Beauty amid death

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As a nation, we have been conditioned to view our cemeteries as dark, macabre places. And, to a certain extent, they are – each and every one subtly different to the next, but all standing as everlasting memorials to the ephemeral nature of life, and the certainty of death. They are sombre places which, even without a deep-rooted personal connection, dampen the spirits – generating countless doubts as to whether it is proper, or indeed, acceptable, to visit them at all absent cause to mourn. At the same time, they are also rather beautiful.

I love cemeteries. A bit of a morbid thing to announce publically but true, nevertheless, as for me – stranded in an urban setting – such places provide respite, escapism and wild allure. The sacred nature of such sites meaning that they are, more often than not, spared pesticides and the flail and, instead, are left to grow wild and undisturbed. In our cities, such places provide a rare glimpse into a forgotten age and make it possible to imagine, just for a moment, that you are elsewhere. Somewhere markedly more tranquil and wild.

This week, I visited Jesmond Old Cemetery in the heart of Newcastle. A particularly impressive site, by urban standards, rife with aged yews, tree-like giant hollies and countless other gems. Each wall gripped by the tendrils of ivy and each gravestone festooned with the rust and pearl coloured flecks of lichen. With some of the more impressive stone crypts – those which one cannot gaze at without contemplating their cost – now accumulating sufficient humus to facilitate the growth of woody cranesbill, slender-leaved ragwort, campion and other treasures. All of which, combined, makes the site flaming brilliant for wildlife.

Ivy and holly formed the basis of my most recent venture: the larval food plants of the enigmatic holly blue butterfly, Celastrina argiolus. Jesmond Old Cemetary, with its abundance of both, has long been revered by local lepidopterists for being one of the few sites locally where one can catch a glimpse of this high-flying and fleet-footed butterfly. Sure enough, within moments of my arrival, my eyes were drawn a lone butterfly perched atop a headstone, sapphire wings occasionally folding so to allow observation of the species characteristic, pearl-coloured underwings. Flecked with black and most different to the much more abundant common blue.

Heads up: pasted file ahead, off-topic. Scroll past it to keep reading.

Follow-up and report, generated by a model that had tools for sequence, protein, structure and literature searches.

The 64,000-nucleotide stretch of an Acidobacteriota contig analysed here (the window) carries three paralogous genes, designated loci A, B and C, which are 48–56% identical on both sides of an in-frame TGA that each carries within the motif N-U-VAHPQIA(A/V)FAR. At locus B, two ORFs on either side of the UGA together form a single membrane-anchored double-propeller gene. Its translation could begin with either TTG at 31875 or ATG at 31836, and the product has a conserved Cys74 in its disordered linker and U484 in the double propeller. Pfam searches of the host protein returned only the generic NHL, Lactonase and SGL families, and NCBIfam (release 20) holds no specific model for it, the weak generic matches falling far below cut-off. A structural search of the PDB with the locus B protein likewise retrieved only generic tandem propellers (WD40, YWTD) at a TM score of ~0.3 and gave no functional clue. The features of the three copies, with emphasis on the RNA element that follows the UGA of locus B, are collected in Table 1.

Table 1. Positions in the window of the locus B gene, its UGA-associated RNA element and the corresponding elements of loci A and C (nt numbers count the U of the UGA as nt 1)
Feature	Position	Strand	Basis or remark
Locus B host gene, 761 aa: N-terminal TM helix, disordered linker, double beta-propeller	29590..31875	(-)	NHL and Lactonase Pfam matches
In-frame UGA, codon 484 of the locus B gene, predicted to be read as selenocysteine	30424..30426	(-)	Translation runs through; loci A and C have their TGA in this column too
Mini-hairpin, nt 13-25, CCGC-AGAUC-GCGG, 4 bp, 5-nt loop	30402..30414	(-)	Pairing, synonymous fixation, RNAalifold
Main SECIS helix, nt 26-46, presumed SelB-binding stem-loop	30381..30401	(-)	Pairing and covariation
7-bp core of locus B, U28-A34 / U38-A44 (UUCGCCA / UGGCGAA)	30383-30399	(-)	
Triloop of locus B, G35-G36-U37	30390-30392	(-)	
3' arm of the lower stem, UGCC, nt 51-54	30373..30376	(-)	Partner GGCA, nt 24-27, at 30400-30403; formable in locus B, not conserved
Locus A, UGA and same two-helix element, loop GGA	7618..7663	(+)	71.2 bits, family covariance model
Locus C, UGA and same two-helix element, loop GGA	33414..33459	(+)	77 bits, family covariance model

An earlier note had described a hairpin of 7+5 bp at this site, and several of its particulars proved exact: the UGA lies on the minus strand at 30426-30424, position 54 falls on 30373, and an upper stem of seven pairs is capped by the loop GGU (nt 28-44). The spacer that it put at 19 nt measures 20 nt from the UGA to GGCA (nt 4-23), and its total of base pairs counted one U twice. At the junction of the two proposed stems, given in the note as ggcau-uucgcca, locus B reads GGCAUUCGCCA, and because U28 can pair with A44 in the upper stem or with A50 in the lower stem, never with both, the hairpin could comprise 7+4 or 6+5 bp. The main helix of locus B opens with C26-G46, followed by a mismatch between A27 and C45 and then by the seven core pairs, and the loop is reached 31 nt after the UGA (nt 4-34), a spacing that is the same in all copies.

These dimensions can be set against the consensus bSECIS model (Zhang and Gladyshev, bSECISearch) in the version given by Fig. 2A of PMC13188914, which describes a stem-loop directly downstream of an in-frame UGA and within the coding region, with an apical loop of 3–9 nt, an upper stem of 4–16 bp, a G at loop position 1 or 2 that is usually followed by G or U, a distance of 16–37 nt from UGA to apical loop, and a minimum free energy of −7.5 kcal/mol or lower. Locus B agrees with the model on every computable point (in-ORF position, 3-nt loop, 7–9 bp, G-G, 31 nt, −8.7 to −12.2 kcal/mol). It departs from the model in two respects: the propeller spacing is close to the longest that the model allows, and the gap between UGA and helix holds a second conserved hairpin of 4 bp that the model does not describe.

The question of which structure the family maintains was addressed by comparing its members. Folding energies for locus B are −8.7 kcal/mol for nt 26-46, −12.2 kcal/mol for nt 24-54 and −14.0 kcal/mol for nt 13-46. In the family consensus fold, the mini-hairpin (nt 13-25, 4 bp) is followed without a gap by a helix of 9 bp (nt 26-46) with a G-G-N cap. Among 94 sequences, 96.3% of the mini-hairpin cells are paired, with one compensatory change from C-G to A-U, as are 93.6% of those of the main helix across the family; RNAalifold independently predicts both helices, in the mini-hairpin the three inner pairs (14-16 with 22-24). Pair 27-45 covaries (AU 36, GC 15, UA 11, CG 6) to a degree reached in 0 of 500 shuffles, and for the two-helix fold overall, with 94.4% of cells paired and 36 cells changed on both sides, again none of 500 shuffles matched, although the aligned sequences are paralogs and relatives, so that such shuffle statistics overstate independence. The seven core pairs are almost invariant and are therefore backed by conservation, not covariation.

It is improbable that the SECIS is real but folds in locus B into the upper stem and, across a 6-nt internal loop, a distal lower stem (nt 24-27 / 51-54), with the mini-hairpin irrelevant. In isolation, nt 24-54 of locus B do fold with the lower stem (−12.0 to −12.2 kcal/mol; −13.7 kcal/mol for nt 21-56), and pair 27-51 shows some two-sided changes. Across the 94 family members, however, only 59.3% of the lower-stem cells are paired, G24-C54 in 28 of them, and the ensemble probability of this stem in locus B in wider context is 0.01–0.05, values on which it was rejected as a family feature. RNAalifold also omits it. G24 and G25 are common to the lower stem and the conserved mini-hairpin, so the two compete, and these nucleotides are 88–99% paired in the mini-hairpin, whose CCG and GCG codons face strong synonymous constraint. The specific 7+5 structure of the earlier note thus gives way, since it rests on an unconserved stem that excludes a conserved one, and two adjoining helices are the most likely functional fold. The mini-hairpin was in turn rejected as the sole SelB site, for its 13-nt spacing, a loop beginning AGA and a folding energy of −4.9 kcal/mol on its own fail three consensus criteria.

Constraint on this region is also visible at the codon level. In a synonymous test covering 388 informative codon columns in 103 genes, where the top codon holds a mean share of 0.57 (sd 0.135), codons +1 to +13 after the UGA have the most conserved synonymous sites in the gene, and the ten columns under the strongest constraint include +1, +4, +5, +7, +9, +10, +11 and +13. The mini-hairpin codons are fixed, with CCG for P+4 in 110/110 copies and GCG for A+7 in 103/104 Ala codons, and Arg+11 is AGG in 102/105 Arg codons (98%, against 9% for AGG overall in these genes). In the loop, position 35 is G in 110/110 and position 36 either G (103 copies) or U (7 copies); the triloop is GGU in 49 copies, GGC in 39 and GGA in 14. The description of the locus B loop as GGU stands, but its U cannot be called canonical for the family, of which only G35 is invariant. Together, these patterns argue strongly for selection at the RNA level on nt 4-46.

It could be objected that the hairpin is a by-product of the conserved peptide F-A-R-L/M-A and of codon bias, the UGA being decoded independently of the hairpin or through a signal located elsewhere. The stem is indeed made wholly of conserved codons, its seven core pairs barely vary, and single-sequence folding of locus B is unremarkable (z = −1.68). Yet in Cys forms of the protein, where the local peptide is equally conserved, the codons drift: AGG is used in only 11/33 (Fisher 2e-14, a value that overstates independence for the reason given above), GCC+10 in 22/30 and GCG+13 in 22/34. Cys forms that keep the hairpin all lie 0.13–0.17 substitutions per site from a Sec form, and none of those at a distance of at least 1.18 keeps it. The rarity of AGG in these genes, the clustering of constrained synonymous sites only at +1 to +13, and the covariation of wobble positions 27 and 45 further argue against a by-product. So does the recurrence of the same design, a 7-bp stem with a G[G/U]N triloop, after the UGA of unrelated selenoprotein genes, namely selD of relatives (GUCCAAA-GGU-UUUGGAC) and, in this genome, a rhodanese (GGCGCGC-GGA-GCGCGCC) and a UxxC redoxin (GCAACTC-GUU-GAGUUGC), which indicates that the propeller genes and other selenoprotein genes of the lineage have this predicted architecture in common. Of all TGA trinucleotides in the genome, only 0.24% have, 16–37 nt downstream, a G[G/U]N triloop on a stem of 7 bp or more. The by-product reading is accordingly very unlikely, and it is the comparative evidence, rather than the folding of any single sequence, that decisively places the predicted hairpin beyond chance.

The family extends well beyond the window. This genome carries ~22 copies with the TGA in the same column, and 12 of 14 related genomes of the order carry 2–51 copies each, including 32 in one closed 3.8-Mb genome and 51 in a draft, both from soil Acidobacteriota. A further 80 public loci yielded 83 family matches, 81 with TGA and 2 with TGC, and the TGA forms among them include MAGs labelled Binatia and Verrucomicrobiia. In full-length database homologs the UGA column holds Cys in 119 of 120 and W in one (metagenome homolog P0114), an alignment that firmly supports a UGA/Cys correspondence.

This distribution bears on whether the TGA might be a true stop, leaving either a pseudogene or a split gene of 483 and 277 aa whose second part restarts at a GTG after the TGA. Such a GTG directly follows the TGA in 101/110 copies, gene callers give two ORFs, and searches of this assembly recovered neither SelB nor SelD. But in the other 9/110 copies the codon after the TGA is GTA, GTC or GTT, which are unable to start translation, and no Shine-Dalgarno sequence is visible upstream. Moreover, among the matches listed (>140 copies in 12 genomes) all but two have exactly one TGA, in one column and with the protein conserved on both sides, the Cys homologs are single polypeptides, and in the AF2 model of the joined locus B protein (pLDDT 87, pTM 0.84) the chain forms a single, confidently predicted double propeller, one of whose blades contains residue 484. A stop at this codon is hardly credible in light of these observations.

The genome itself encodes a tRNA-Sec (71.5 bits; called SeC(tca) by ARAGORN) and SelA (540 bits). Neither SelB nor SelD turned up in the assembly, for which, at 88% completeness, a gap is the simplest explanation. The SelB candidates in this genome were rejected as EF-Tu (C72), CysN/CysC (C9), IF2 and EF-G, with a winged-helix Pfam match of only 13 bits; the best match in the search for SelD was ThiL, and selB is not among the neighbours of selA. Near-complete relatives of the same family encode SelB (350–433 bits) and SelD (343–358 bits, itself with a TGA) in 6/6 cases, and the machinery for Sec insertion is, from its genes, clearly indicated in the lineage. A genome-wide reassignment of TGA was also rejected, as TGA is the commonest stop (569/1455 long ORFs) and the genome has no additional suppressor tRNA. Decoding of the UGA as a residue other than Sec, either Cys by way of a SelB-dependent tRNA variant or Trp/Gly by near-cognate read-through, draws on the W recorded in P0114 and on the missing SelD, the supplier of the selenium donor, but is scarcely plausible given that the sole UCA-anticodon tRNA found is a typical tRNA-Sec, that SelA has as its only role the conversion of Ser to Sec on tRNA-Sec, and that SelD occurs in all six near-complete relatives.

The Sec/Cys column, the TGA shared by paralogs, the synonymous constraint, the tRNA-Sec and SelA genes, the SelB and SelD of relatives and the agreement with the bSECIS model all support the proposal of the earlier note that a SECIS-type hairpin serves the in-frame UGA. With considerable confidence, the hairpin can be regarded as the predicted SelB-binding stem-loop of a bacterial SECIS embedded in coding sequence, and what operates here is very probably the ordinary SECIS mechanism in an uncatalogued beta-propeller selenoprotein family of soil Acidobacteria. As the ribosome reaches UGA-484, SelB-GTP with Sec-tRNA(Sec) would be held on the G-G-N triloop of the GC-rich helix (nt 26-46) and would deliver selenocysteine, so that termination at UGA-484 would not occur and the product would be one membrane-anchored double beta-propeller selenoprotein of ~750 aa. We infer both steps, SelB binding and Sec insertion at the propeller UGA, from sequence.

The butterfly in question did not stay long, darting upwards as soon as my camera departed my bag and leaving me with little option but to explore the site further and see what else may be hiding among the cracked, crusted tombs. Further investigations revealing a glut of common butterflies: comma, speckled wood, small copper, green-veined white, small tortoiseshell and large white, all engrossed in the equally vital processes of feeding and breeding. Elsewhere, tree bumblebees moved between ragwort blooms and my attention fixated, for a considerable time, on some delightful, soft pink bindweed flowers. My earlier identification of Field Bindweed proving incorrect upon consultation with the botanically-minded on Twitter. No matter.

Moving further along the twisted uneven footpaths that, once upon a time before they were overtaken with brambles and pioneering saplings, formed the walkways along which mourners would have travelled, it was difficult not to note the abundance of one of my favourite wildflowers: Bittersweet. The plant’s common name taken from the taste of its berries, being at first bitter but then sickly sweet. Not that I would advise eating the fruits of this particular nightshade: they do, after all, contain solanine, an alkaloid glycoside which, when ingested, leads to vomiting and convulsions. Interestingly, the degree of harm caused by ingestion is thought to depend on the quality of the soil on which the plant grows – with light, dry soils increasing its potency.

Concluding my visit, a rather distinct ladybird drew my attention. Quite unlike anything I have seen before here in the North, it’s distinct appearance reminded me of something seen elsewhere, in France and in London. My suspicions proving justified when, upon closer scrutiny, it was revealed to be a Harlequin Ladybird – perhaps the only ladybird in the entire world maligned as opposed to adored. And also a rather damaging invasive species prophesied to bring about the downfall of native ladybird populations.


Harlequin Ladybird and larvae, brought home for closer inspection